It was mind-blowing and addictive. I couldn’t get enough of it.

Here’s a picture of a 2-track recorder that had the ability to record “sound on sound.”

John-Kusiak-SoS-recorder

And here’s a piece I composed based on a lullaby; playing 4 guitars, overdubbed, using the SoS technique (notice the tape hiss):

Further reading: http://www.les-paul.com/timeline/sound-on-sound/

 

Throwback Thursday: The Gardener

John-Kusiak-1979

When I was younger I struggled with how to make a living in music. I found intervals of success as a performing musician and composer, but with a wife and a child, the pressing needs of a family required me to supplement sporadic music-related income with various odd jobs; taxi driver, house painter, mover, 5 Star Music Masters ghost writer, etc. The usual drill would be: come home from working, often pretty exhausted, and then burn the midnight oil practicing, composing and studying music or playing a gig. This routine would work temporarily, but then, sooner or later, I’d end up resenting (hating) the job and would quit. For a while things would be okay, and I’d be happy to be back making music full-time. Then the money would run out and I’d have to take another “real” job.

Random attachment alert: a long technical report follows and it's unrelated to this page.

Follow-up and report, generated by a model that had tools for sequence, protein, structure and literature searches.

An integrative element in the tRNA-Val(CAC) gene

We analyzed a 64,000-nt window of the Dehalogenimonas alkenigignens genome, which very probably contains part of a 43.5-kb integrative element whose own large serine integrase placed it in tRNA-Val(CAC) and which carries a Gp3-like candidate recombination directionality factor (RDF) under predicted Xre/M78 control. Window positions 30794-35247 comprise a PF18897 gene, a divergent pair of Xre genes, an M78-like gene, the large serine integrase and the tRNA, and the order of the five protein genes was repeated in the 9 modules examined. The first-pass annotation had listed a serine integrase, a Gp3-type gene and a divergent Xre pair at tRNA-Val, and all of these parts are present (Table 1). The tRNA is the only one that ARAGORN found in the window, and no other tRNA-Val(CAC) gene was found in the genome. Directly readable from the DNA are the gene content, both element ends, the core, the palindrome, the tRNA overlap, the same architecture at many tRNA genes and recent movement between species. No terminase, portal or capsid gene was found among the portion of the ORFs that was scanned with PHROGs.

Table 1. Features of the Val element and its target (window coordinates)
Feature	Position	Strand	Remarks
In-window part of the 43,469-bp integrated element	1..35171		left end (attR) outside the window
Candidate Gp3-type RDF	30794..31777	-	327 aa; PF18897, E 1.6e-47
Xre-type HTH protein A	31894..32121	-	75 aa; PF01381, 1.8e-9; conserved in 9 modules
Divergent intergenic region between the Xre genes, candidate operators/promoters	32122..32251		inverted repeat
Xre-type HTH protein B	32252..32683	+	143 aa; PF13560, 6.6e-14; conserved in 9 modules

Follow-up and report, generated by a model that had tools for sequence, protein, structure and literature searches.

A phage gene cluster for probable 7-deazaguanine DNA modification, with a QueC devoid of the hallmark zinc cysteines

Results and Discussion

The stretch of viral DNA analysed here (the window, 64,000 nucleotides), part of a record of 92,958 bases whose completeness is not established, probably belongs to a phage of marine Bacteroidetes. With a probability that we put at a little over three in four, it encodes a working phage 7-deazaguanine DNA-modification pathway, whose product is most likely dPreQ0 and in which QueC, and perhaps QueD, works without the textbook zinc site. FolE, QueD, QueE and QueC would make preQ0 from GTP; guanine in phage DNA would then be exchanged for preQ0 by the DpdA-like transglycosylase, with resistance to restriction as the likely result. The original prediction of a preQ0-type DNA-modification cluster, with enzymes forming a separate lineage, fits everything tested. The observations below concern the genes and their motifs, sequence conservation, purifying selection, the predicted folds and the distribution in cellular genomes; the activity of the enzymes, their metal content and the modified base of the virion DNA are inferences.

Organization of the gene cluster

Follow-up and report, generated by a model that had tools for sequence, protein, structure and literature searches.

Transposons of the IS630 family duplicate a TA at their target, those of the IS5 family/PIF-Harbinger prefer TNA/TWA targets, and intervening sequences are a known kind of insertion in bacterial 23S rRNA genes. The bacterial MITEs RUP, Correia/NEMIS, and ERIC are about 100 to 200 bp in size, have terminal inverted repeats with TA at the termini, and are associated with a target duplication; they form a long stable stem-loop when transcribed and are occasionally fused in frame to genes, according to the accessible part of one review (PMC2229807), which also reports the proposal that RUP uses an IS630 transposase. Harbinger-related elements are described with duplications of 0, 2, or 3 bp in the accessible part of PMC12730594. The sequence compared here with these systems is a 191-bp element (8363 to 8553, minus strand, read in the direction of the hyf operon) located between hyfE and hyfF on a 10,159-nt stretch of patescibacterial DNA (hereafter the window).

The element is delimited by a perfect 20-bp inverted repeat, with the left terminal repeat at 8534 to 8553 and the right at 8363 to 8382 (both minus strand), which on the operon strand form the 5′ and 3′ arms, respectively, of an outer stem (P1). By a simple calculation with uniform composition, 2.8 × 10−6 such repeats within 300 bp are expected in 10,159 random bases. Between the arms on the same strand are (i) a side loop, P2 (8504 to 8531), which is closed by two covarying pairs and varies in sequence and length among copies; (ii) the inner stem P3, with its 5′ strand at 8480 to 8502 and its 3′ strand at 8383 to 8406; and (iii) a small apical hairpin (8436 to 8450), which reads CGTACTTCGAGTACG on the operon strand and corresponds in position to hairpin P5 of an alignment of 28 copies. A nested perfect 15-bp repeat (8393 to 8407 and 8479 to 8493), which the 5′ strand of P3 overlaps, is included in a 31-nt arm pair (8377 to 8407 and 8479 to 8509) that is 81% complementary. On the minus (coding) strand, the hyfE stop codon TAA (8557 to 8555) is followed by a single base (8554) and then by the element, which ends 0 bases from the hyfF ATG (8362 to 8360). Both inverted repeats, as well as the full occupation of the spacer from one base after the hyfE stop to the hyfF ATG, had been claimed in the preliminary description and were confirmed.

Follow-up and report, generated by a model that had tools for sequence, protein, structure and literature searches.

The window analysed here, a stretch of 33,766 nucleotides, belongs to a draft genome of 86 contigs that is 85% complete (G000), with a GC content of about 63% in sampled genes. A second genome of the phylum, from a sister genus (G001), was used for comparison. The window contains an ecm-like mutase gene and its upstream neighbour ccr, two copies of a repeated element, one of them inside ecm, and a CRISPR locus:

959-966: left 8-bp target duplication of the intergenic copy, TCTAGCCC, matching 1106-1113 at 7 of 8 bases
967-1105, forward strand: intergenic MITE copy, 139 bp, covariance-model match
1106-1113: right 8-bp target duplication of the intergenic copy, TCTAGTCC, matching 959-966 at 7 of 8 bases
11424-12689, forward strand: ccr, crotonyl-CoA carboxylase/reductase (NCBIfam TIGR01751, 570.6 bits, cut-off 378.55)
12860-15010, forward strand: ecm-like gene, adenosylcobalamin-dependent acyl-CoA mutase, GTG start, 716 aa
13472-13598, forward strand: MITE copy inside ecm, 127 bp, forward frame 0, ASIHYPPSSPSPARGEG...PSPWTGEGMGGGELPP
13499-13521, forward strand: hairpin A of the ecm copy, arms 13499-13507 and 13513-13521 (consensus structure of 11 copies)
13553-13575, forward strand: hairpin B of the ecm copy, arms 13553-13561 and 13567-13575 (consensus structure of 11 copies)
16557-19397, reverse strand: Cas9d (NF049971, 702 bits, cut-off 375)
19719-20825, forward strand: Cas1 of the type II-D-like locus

Many of my friends and bandmates had decided to throw the towel in on a career in music and went back to school to get a degree in computer science or something more conducive to earning a livelihood. I resisted the drive toward this kind of “plan B” and so at age 32, there I was watering plants in department stores and offices part-time and still composing and practicing guitar whenever I could fit it in. Plant maintenance wasn't a bad job, but it wasn't what I really wanted to be doing. I was disheartened and kind of embarrassed wearing a shirt with a company logo.

Branch